In a retrospective on view at NOMA, Dawn DeDeaux: The Space Between Worlds demonstrates the artist’s longstanding concern with the most pressing issues of our time.
In Dawn DeDeaux: The Space Between Worlds, the retrospective currently on view at the New Orleans Museum of Art (NOMA), works from across five decades show the artist’s longstanding concern with our society’s most pressing issues, including social justice and environmental concerns. On view through January 23, 2022, The Space Between Worlds gestures toward an uncertain future imperiled by runaway population growth, breakneck industrial development, and the imminent threat of climate change.
Since the 1970s, DeDeaux has used video, performance, photography, sculpture, and installation to create art that grapples with the social, political, and environmental impacts of this era we now refer to as the Anthropocene — one permanently scarred by human activity and ambition. In the exhibition catalogue, which will be available in spring 2022, journalist and scholar Walter Isaacson notes, “Dawn’s exhibition at NOMA presents a visual rumination on mankind’s past and future and our increasingly fragile existence on earth … Dawn’s works prompt us to think about our tenuous grasp on the Earth and what would be lost if Earth were to become uninhabitable or destroyed.”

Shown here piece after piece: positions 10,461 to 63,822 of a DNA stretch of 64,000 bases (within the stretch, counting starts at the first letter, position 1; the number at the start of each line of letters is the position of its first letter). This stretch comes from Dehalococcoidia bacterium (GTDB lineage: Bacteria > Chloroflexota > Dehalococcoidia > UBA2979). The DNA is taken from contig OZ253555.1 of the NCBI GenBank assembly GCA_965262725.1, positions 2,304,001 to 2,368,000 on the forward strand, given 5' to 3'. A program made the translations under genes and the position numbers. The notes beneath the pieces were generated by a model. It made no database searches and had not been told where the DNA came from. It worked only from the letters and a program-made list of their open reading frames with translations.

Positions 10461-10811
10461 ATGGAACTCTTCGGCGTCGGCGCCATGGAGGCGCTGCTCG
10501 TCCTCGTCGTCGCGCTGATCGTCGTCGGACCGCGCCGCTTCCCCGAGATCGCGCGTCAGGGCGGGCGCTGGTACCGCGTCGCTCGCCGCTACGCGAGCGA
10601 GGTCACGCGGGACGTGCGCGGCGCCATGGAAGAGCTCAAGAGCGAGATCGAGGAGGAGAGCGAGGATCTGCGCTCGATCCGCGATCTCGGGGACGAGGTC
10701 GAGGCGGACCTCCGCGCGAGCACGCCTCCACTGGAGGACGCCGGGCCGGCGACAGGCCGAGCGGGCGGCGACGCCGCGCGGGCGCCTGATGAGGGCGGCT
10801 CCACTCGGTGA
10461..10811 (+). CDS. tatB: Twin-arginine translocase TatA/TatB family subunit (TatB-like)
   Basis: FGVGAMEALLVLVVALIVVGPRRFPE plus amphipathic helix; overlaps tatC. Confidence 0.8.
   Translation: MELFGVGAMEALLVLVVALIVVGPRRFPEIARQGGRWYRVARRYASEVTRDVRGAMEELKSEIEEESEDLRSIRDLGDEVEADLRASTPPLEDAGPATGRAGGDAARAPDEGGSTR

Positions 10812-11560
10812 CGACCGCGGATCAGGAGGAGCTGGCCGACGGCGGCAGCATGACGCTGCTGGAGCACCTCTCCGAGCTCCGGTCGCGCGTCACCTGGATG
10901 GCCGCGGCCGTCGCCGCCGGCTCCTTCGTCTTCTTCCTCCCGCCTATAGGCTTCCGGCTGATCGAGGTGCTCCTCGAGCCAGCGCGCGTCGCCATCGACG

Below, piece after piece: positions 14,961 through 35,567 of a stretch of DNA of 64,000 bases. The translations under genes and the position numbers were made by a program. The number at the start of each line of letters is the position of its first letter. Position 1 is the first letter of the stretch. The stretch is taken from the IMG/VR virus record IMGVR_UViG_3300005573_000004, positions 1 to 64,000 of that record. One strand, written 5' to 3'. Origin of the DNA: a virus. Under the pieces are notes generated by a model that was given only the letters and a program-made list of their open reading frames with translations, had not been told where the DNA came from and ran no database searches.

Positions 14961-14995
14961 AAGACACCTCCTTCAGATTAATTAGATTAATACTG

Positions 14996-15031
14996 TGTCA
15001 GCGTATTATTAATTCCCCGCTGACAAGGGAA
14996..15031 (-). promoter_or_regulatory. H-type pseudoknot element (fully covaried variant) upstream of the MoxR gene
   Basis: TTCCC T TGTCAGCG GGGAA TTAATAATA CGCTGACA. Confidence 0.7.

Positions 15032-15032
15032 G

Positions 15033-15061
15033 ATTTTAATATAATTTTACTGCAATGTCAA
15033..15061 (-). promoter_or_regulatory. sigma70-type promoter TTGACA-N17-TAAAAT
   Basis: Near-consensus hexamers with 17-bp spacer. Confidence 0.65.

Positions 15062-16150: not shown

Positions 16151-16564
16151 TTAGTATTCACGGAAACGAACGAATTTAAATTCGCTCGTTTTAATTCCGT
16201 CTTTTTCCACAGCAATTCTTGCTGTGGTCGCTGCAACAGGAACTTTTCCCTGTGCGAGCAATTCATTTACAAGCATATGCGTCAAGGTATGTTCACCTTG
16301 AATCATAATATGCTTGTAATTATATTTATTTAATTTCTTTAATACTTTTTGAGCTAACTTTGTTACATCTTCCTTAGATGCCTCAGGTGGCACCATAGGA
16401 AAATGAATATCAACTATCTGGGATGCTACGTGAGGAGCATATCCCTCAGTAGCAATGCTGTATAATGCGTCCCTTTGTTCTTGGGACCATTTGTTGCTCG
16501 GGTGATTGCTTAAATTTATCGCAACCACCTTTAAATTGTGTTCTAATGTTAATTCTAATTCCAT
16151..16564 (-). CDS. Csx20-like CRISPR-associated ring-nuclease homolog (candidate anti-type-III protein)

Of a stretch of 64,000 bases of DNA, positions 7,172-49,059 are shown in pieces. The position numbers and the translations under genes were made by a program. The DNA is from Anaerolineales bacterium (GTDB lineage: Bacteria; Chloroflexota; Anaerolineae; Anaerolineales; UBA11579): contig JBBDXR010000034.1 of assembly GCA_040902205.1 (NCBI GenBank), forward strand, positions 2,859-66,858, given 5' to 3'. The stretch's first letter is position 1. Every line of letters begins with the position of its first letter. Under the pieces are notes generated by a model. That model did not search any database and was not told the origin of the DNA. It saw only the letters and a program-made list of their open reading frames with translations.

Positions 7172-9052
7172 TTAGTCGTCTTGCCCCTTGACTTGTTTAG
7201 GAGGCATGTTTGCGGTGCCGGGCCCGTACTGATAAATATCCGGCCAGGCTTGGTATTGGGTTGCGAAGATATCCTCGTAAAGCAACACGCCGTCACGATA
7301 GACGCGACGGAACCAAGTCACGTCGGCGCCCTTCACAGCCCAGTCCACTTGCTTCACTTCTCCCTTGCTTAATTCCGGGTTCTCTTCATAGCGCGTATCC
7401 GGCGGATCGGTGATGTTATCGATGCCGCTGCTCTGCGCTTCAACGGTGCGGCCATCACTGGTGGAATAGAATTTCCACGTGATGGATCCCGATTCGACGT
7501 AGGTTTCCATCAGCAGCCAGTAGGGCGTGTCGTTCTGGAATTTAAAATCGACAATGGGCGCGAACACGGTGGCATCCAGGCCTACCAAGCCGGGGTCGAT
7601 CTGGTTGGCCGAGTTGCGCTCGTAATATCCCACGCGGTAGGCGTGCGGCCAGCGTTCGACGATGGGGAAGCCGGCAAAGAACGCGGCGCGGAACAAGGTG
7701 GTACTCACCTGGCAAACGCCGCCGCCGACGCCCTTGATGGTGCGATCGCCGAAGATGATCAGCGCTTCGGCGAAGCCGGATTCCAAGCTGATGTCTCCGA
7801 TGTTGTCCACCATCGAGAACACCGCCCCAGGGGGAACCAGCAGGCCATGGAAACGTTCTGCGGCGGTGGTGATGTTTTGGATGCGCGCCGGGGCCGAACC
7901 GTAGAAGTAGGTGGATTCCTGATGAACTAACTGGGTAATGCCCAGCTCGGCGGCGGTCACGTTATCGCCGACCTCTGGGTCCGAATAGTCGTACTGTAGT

DeDeaux responds directly to the unique threats facing her home state of Louisiana, one of the fastest disappearing landmasses in the world. The Space Between Worlds is organized around a series of immersive installations that span DeDeaux’s entire career thus far. Highlights include early projects like CB Radio Booths, which linked communities across New Orleans via radio and satellite, and more recent works from her MotherShip series, which plots our escape from a ruined Earth. In response to The Space Between Worlds, author and catalogue contributor John M. Barry writes, “A ‘retrospective’ is by definition a look backward, but in the case of Dawn DeDeaux’s work, that definition doesn’t seem to fit … so much of what she’s done seems of the now. It’s beyond prescient.”